Gambling on
the Future.

"Business owners are leaving their company and their wealth open to significant risks, many of which could be avoided"

We’ve all said it: “My business is my pension”.

Our latest research backs this up, with over a third of business owners not having a pension, drawing modest earnings (average £95,006 this year) and reinvesting back into their business.

Let’s stop and think about that for a minute. At a time when business confidence is low and economic uncertainty is high, is that really a safe enough bet? Or are you playing Russian roulette with your financial future?

Of course, I agree with this sentiment to a point, but running a business is all about finding the right balance between risk and return. When you’re starting up, a bias towards risk-taking is inevitable, and even admirable. It can help you to secure critical funding. But as your business matures and you get older, it can be naïve.

In my experience, business owners can quickly become blind to the risks they face and the lack of calculated decision-making in their wealth management plans. This is understandable – business owners are so deeply emotionally invested in their company it seems OK to place blind bets. Perhaps there’s nobody to tell you otherwise.

But ask yourself: what would your position be if a hungry competitor wiped out your market share, or the market changed, or a family issue took you away from your business for two weeks, or your main client jumped ship? The list of risks goes on and on, and they’re all very real. They happen every day and our findings back this up with over 50% of business owners relying on a key supplier or member of staff in their business.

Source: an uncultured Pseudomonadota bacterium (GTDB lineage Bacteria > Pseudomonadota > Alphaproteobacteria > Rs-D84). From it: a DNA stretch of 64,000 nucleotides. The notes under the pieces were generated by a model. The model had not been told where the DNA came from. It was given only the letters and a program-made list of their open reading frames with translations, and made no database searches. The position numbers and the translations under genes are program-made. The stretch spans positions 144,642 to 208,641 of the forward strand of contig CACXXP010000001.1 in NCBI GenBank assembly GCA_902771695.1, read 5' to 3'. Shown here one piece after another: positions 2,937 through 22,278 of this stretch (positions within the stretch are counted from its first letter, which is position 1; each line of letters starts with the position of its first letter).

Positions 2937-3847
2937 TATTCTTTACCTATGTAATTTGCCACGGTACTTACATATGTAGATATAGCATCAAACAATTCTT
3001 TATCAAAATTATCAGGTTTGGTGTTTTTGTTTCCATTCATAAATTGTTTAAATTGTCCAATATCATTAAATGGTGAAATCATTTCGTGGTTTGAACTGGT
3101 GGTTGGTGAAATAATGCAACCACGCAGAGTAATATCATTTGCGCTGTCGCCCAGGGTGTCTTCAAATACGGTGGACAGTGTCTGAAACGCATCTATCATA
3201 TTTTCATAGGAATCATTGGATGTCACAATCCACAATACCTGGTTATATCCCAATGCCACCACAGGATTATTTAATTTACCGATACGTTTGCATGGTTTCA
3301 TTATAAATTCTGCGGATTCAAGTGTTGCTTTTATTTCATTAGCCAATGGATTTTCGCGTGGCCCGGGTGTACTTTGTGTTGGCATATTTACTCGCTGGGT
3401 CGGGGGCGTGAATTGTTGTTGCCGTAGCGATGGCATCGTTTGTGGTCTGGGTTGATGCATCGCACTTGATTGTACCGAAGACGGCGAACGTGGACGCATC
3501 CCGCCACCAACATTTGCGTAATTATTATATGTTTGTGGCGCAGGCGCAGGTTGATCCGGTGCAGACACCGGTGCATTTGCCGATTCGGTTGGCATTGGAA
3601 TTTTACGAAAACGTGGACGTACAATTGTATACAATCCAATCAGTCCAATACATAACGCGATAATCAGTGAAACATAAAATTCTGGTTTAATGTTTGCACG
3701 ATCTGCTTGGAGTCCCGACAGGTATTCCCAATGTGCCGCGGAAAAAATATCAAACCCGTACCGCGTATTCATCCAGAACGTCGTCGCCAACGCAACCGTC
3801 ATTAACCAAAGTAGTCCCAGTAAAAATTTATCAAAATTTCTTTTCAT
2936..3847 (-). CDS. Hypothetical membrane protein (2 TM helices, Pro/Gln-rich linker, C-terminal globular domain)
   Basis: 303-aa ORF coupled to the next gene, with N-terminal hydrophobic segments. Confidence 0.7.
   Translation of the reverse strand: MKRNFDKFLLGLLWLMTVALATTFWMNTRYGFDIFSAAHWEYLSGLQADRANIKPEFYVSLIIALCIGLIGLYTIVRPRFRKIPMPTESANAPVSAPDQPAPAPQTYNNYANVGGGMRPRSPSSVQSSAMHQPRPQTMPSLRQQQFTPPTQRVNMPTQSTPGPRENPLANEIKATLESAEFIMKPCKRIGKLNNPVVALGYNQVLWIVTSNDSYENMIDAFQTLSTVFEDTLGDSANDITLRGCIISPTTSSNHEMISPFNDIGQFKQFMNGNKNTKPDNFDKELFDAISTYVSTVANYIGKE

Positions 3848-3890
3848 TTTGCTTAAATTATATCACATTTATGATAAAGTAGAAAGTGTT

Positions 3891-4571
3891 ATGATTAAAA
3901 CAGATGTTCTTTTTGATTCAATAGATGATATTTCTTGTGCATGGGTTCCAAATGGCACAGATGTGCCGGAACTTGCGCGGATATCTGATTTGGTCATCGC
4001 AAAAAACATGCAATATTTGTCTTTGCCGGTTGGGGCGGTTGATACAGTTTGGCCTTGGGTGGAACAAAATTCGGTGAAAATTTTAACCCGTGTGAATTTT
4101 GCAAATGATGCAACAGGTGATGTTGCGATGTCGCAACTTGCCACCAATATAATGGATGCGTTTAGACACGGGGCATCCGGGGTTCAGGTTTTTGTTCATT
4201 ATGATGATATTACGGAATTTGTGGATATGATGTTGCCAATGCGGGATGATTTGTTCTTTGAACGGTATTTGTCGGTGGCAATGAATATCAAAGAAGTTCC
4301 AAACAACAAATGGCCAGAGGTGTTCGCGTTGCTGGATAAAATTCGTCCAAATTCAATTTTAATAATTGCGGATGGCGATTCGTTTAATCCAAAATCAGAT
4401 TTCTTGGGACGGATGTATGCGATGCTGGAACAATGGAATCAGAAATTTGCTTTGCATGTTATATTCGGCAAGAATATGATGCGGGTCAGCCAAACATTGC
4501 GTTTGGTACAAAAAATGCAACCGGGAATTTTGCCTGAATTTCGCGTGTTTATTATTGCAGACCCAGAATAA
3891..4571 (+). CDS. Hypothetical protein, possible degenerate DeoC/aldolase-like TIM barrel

As you get older, your children grow up and you take on more debt, you become more aware of the risks in the external environment and financial security matters more. I would expect any business owner to reconsider their risk appetite as time goes on, and decide what’s palatable, and where they should spread their bets.

Business owners that proactively manage their financial security and have a handle on their wealth tend to be more resilient to changes in the market and unexpected events. They respond more appropriately, rather than in a panic. They make better decisions.

For younger business owners especially, hearing the experiences of others is priceless. Build up a support network and learn from other people’s triumphs and mishaps.

Make sure you also have someone in or close to your business to challenge your thinking and help you make the right decisions. Your future depends on it.

Our study For Love Or Money? reveals a terrifying degree of reliance on the business to provide for the owner’s financial future and the risks being taken by business owners. Download the report, benchmark your own wealth and risk profile using our online tool and read our views to help kick-start your own plans.

Darren Holdway
Haines Watts

Make sure you also have someone in or close to your business to challenge your thinking and help you make the right decisions. Your future depends on it.

For Love or Money is the first comprehensive study into the lives of modern business
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